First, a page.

McFarland, D. C., McCain, E. M., Poppo, M. N., & Saul, K. R. (2019), JOURNAL OF BIOMECHANICAL ENGINEERING-TRANSACTIONS OF THE ASME, 141(5). https://doi.org/10.1115/1.4043035
Modeling a rotator cuff tear: Individualized shoulder muscle forces influence glenohumeral joint contact force predictions
Vidt, M. E., Santago, A. C., Marsh, A. P., Hegedus, E. J., Tuohy, C. J., Poehling, G. G., … Saul, K. R. (2018), CLINICAL BIOMECHANICS, 60, 20–29. https://doi.org/10.1016/j.clinbiomech.2018.10.004
Relationship between glenoid deformity and gait characteristics in a rat model of neonatal brachial plexus injury
Hennen, K., Crouch, D. L., Hutchinson, I. D., Li, Z., & Saul, K. (2018), Journal of Orthopaedic Research®, 36(7), 1991–1997. https://doi.org/10.1002/JOR.23836

View all publications via NC State Libraries

Grants

Development and Persistence of Tissue-Level Musculoskeletal Deformity Following Brachial Plexus Birth Injury
(3/10/21 - 2/28/22)
An Orthopaedic and Engineering Framework to Evaluate Military Injury and Quantify Incapacitation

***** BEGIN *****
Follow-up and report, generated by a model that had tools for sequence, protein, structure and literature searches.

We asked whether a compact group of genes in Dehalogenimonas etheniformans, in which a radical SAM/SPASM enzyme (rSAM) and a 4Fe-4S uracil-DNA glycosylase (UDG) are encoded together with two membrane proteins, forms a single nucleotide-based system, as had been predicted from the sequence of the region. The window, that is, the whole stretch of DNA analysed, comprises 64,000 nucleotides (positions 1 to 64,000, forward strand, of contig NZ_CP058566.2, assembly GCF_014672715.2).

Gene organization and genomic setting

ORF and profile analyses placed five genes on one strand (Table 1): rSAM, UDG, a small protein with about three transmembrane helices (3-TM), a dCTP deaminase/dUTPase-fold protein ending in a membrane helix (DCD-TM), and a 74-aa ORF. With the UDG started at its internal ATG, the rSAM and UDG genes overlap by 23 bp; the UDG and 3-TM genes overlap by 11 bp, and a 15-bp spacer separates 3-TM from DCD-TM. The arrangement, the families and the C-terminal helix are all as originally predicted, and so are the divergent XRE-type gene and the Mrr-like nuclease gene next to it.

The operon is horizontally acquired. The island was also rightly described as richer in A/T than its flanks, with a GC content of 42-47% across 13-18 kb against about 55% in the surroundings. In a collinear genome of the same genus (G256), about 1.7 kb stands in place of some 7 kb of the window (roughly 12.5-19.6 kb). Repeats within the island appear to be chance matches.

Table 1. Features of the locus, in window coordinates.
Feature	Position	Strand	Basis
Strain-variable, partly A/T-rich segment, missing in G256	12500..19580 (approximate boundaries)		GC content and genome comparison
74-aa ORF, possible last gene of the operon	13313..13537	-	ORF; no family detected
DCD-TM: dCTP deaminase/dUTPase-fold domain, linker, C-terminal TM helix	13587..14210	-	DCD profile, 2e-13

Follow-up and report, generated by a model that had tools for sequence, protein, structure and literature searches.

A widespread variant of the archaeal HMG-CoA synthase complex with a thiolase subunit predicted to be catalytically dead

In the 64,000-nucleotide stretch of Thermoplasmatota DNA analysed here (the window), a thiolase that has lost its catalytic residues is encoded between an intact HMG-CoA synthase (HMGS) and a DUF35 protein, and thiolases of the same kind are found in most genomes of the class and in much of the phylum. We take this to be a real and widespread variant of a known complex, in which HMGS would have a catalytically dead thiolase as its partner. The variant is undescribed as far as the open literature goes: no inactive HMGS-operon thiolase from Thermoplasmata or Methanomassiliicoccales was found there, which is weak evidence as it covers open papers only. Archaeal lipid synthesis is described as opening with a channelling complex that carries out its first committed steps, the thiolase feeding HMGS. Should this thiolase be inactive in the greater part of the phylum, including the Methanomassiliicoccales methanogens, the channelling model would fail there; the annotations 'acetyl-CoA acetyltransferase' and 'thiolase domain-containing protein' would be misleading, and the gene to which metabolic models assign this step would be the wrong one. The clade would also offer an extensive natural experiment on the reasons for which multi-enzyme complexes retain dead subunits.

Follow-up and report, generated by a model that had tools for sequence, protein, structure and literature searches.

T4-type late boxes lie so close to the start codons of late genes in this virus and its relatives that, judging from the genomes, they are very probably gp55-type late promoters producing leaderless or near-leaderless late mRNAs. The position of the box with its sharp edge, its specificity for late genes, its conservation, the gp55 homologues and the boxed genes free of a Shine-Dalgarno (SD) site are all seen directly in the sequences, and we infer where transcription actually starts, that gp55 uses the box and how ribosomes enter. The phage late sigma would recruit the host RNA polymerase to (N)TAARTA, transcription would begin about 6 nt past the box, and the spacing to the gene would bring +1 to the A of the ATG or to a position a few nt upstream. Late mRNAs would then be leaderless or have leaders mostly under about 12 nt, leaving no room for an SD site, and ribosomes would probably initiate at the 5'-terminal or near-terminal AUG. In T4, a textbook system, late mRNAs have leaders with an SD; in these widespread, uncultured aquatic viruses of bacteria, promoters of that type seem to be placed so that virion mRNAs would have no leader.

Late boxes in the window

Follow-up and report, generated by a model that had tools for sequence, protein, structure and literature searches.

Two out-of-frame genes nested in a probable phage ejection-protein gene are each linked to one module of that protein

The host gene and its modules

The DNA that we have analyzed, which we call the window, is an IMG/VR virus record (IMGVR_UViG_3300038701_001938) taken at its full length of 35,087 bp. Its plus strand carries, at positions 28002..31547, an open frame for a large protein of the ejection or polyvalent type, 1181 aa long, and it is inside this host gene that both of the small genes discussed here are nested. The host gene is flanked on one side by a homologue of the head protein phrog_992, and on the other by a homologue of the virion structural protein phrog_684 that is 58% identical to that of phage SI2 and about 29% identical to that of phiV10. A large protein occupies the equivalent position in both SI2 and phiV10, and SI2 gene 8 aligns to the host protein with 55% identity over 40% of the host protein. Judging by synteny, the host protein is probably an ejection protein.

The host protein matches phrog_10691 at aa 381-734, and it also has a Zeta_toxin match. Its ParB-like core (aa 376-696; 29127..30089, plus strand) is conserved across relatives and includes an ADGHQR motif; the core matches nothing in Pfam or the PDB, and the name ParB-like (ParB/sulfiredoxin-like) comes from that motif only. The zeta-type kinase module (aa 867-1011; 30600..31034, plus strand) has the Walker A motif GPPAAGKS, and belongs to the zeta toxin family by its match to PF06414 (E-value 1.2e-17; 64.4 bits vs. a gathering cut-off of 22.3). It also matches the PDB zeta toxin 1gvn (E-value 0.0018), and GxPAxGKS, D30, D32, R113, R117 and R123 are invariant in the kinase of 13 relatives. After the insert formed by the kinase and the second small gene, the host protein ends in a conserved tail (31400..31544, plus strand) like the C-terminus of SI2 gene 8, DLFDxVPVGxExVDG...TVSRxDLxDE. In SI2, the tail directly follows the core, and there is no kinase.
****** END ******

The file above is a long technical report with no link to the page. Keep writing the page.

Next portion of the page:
(11/01/19 - 9/15/21)
Optimizing Impedance Control of an Ankle Exoskeleton to Improve Post-Stroke Walking Mechanics and Energetics
(5/15/19 - 5/14/22)
Integrated Iterative Musculoskeletal Modeling to Study Growth and Function
(7/01/16 - 6/30/18)
Experimental validation of shoulder injury risk across the workspace
(8/16/16 - 7/26/17)
Parallel Development of Bone and Muscle Impairments Following Neonatal Brachial Plexus Injury
(8/16/16 - 7/31/19)
R13: American Society of Biomechanics Annual Meeting
(6/01/16 - 5/31/17)
Identifying Muscular Contributions to Bone Deformity of the Shoulder following Brachial Plexus Birth Palsy
(6/30/14 - 6/30/15)
Upper Limb Kinematics and Muscular Compensation During Activities of Daily Living in Older Adults with Rotator Cuff Impairment
(8/01/13 - 8/31/16)